A report from the National Oceanic and Atmospheric Administration warned about rising air and sea surface temperatures in the Arctic – with many areas over land higher than average by more than 2 degrees Fahrenheit in 2015.

The Arctic region, situated on the northernmost part of the planet, consists of the Arctic Ocean and parts of Alaska, Canada, Greenland, Finland, Iceland, Russia, Sweden, and Norway.

But how did the region, which is warming twice as fast as any other place on Earth, get to this point from 2007 onwards?

A look at the series of the peer-reviewed Arctic Report Card, now in its 10th year, is key. Here is a quick timeline of the air temperature changes tracked through recent years:

• 2007 – Autumn temperatures were record high of 5 degrees Celsius above normal due to the major sea ice losses that allowed further heating of the ocean. 2007 was the warmest on record for the Arctic following a general, region-wide warming trend beginning in the mid-1960s.

• 2008 – Surface air temperatures were already directly affected by ocean heating in places with extreme summer sea ice losses. The temperature reached a record +4 degrees Celsius from October to December of the year.

• 2009-2010 – 2009 exhibited a slowdown in annual air temperature rises, but the first half of the following year became near-record with monthly logs of more than 4 degrees Celsius in northern Canada. “There continues to be significant excess heat storage in the Arctic Ocean at the end of summer due to continued near-record sea ice loss,” the year’s report stated.

• 2011 – The Arctic continued to warm, with “unusually strong north and south winds in fall and winter” owing to a regional pattern. Baffin Bay or West Greenland, as well as the Bering Strait, felt warmer-than-normal temperatures by several degrees.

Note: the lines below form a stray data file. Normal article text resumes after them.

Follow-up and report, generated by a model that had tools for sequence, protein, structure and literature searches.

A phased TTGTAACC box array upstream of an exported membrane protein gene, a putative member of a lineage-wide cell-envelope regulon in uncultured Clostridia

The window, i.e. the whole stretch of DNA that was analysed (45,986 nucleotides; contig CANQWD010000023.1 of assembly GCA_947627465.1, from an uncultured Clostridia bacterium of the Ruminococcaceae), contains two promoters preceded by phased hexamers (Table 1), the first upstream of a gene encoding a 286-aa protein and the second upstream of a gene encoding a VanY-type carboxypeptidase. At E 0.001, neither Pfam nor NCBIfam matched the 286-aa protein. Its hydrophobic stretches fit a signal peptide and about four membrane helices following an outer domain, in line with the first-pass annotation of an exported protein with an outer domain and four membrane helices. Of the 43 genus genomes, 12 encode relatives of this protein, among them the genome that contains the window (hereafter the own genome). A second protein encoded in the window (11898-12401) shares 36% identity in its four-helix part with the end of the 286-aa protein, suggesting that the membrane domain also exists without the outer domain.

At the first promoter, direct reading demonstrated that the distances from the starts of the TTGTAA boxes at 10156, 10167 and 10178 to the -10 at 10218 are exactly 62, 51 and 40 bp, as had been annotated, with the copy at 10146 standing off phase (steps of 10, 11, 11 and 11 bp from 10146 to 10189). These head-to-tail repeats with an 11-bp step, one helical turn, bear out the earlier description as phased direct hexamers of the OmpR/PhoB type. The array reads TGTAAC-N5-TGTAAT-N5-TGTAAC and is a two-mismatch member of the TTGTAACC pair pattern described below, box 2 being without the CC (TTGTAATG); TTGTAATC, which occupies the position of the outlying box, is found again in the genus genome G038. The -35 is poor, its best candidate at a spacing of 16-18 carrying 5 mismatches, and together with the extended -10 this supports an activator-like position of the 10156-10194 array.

• 2012 – Severe weather events during this year were unusually cold late January to early February across Eurasia, such as two record storms with deep pressure and strong winds. Fall was remarkably warm over the Arctic Ocean and lands following the summer’s record sea ice loss.

• 2013 – Summer in Alaska was among the hottest on record. Compared to the previous six years, air temperatures were significantly low across the central Arctic region.

• 2014 – There were extreme monthly temperatures of +10 degrees Celsius in Alaska and -5 degrees Celsius over much of Russia and eastern North America.

• 2015 – Between October of the previous year to September 2015, the average annual air temperature over land areas was 1.3 degrees Celsius above average, the highest since observations began in 1900. It was also 3 degrees Celsius higher since the 20th century started.

The yearly report card also monitors sea ice, snow cover, Greenland ice sheet, ocean temperature and productivity, and vegetation. It analyzes the effects on marine creatures such as walruses, seabirds and polar bears, and on land wildlife and vegetation.

NOAA Chief Scientist Dr. Rick Spinrad stressed global coordination in this year’s findings.

“This year’s report shows the importance of international collaboration on sustained, long-term observing programs that provide insights to inform decisions by citizens, policymakers, and industry,” he said.

Photo: NASA Goddard Space Flight Center | Flickr

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